A folklore conjecture is that the number $N_d(K,X)$ of degree-$d$ extensions of $K$ with discriminant at most $d$ is on order $c_d X$. In the case $K = \mathbb{Q}$, this is easy for $d=2$, a theorem of Davenport and Heilbronn for $d=3$, a much harder theorem of Bhargava for $d=4$ and $5$, and completely out of reach for $d > 5$. More generally, one can ask about extensions with a specified Galois group $G$; in this case, a conjecture of Malle holds that the asymptotic growth is on order $X^a (log X)^b$ for specified constants $a,b$. The form of Malle's conjecture is reminiscent of the Batyrev--Manin conjecture, which says that the number of rational points of height at most $X$ on a Batyrev-Manin variety also grows like $X^a (log X)^b$ for specified constants $a,b$. What's more, an extension of $\mathbb{Q}$ with Galois group $G$ is a rational point on a Deligne-Mumford stack called $BG$, the classifying stack of $G$. A natural reaction is to say "the two conjectures is the same; to count number fields is just to count points on the stack $BG$ with bounded height?" The problem: there is no definition of the height of a rational point on a stack. I'll explain what we think the right definition is, and explain how it suggests a heuristic which has both the Malle conjecture and the Batyrev--Manin conjecture as special cases. This is joint with Jordan Ellenberg and Matt Satriano.
(Conference Room San Felipe)
13:00 - 14:30 Lunch (Restaurant Hotel Hacienda Los Laureles)
15:20 - 15:50 Pankaj Vishe: Quartic forms in 30 variables
We will prove that smooth Quartic hypersurfaces satisfy the Hasse Principle as long as they are defined over at least 30 variables. The key tool here is employing Kloosterman's version of circle method. This is a joint work with Oscar Marmon (U Lund).
(Conference Room San Felipe)
15:50 - 16:20 Coffee Break (Conference Room San Felipe)
16:20 - 16:50 Rachel Newton: Arithmetic of rational points and zero-cycles on Kummer varieties
Yongqi Liang has shown that for rationally connected varieties over a number field K, sufficiency of the Brauer-Manin obstruction to the existence of rational points over all finite extensions of K implies sufficiency of the Brauer-Manin obstruction to the existence of zero-cycles of degree 1 over K. I will discuss joint work with Francesca Balestrieri where we extend Liang's result to Kummer varieties.
(Conference Room San Felipe)
17:00 - 17:30 Otto Overkamp: Finite descent obstruction and non-Abelian reciprocity
For a nice algebraic variety $X$ over a number field $F$, one of the central problems of Diophantine Geometry is to locate precisely the set $X(F)$ inside $X(\mathbb{A}_F)$, where $\mathbb{A}_F$ denotes the ring of adèles of $F$. One approach to this problem is provided by the finite descent obstruction, which is defined to be the set of adelic points which can be lifted to twists of torsors for finite étale group schemes over $F$ on $X$. More recently, Kim proposed an iterative construction of another subset of $X(\mathbb{A}_F)$ which contains the set of rational points. We compare the two constructions. Our main result shows that the two approaches are equivalent.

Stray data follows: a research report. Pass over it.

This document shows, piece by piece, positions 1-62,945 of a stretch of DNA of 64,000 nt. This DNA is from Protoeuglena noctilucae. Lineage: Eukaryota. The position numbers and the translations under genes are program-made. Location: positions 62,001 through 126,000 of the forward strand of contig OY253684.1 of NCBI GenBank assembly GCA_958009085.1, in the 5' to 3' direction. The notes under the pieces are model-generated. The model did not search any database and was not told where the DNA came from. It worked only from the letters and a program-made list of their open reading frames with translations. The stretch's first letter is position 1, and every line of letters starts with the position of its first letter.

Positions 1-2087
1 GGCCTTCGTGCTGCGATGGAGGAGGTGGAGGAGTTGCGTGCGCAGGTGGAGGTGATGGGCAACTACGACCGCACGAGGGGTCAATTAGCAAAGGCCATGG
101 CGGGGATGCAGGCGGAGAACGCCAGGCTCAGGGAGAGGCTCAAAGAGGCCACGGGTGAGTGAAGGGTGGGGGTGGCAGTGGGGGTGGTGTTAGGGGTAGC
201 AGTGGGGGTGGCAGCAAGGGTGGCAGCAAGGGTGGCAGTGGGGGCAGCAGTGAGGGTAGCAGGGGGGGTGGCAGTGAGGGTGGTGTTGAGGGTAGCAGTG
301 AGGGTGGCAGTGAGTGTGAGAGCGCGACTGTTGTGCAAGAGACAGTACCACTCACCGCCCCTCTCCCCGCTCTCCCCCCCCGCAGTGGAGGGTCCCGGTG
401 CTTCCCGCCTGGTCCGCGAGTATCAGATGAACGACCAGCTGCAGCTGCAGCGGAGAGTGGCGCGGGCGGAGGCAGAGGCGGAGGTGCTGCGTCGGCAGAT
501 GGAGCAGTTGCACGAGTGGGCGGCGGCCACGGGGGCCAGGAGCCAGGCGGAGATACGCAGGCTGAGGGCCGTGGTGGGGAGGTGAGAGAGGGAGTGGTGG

(Conference Room San Felipe)
19:00 - 21:00 Dinner (Restaurant Hotel Hacienda Los Laureles)
Friday, June 1
07:30 - 09:00 Breakfast (Restaurant at your assigned hotel)
09:00 - 10:00 Wei Ho: Splitting Brauer classes with the universal Albanese
We prove that every Brauer class over a field splits over a torsor under an abelian variety. If the index of the class is not congruent to 2 modulo 4, we show that the Albanese variety of any smooth curve of positive genus that splits the class also splits the class. This can fail when the index is congruent to 2 modulo 4, but adding a single genus 1 factor to the Albanese suffices to split the class. This is joint work with Max Lieblich.
(Conference Room San Felipe)
10:10 - 10:40 Adam Morgan: Parity of 2-Selmer ranks of abelian varieties over quadratic extensions
For an abelian variety A over a number field K, a consequence of the Birch and Swinnerton-Dyer conjecture is the 2-parity conjecture: the global root number agrees with the parity of the 2-infinity Selmer rank. It is a standard result that the root number may be expressed as a product of local terms and we show that, over any quadratic extension of K, the same holds true for the parity of the 2-infinity Selmer rank. Using this we prove several new instances of the 2-parity conjecture for general principally polarised abelian varieties by comparing the local contributions arising. Somewhat surprisingly, the local comparison relies heavily on results from the theory of quadratic forms in characteristic 2.
(Conference Room San Felipe)
10:40 - 11:10 Coffee Break (Conference Room San Felipe)
11:10 - 11:40 Jaap Top: Two arithmetical aspects of Poncelet's closure theorem
Already 190 years ago Jacobi in a paper in Crelle's journal described the celebrated closure theorem of Poncelet as a ``bekanntes Problem der Elementargeometrie''. Some natural number theoretical questions arising in this context, will be discussed during this talk.
(Conference Room San Felipe)
11:50 - 12:50 Olivier Wittenberg: Zero-cycles on homogeneous spaces of linear groups
(Joint work with Yonatan Harpaz.) The Brauer-Manin obstruction is expected to control the existence and weak approximation properties of rational points on homogeneous spaces of linear algebraic groups over number fields. We establish the zero-cycle variant of this conjecture. The same method also leads to a new proof of Shafarevich's theorem that finite nilpotent groups are Galois groups over any number field.
(Conference Room San Felipe)
13:00 - 14:30 Lunch (Restaurant Hotel Hacienda Los Laureles)